the less chance there will be that he will hit bottom. The Nazareth pool was encircled by what is known as a scum gutter 1 1/2 inches below the deck of the pool. In well regulated pools, the surface of the water should be more or less level with the scum gutter. On the day of Darrel's accident, the water level was about 5 inches below the scum gutter. Thus, the plaintiffs contended, the meter board, intended to be one meter or 39.37 inches above the water was, in reality, 44.37 inches above the water because of the recession of the water below the scum gutter. This meant Darrel plunged a greater distance before he hit water (incidentally acquiring increased diving momentum) than would have been normal if the water had been level with the scum gutter.
It might seem that this meticulous dealing in inches and fractions thereof makes of the issue in the case a matter of technical measurement. It is indeed just that differential in inches which could make the difference between safety and serious injury. If Darrel had been able to straighten out from his dive even one inch above the bottom, he might not now be a paraplegic. A miss, it is said, is as good as a mile. However, the margin between safety and danger was more than an inch. It was at least 2 feet 3 inches.
Why didn't the pool owners provide this extra depth, which would offer the swimmers a buffer of water protection? "Among the duties relating to diving which have been imposed by the courts on the proprietors . . . of bathing resorts or swimming pools are the duties to use care to provide . . . water of a reasonably safe depth, free from obstructions, or to warn patrons of the danger in diving . . . of the insufficient depth of, or obstructions in, the water" (48 A.L.R. 2d 104, 129, § 15)*fn2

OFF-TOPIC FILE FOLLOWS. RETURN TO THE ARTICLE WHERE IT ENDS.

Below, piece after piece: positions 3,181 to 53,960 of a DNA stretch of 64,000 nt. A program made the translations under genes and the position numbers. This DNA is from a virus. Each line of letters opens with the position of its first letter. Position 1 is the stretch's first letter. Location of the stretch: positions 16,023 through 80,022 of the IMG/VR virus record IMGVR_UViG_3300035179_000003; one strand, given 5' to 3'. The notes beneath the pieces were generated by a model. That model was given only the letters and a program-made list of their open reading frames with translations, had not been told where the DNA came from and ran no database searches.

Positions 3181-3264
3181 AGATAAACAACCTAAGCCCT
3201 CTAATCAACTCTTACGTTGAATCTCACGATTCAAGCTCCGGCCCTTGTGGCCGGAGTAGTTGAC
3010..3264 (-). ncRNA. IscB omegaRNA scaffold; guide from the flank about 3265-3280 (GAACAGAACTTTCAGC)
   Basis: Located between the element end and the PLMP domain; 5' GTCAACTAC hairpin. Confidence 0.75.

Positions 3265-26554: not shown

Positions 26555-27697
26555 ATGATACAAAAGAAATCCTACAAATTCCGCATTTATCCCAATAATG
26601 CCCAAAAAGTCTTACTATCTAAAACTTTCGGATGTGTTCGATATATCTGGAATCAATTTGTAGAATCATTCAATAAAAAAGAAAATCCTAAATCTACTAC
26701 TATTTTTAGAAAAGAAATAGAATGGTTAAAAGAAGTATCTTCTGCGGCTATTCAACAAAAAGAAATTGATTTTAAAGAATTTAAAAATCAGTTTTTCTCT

The lower court, in entering judgment n.o.v., said that a swimming pool is not a dangerous instrumentality and that, therefore, the defendant borough was not charged with the kind of responsibility which goes with a dangerous instrumentality. In this respect, it cited Cooper v. Pittsburgh, 390 Pa. 534, where this Court held that the city defendant was not guilty of negligence because of alleged failure to properly maintain a swing in a public park. The trial court's analogy is hardly apt. To say that a large body of drowning water can be compared to a swing is like saying that a tiger can be compared to a kitten because they are both of the feline family. So far as danger is concerned, there is no more similarity between a swing and a large expanse of water than there is between a bicycle and a bulldozer. Water, as indispensable as it is in the maintenance of life, can be as destructive and all-annihilating as fire. The ocean itself is a graveyard of empires of populations and treasure. Every person who enters into water deeper than his height is in peril of death. To establish this point it is not necessary to refer to the countless drownings which occur in rivers, lakes, ponds, and even bath tubs.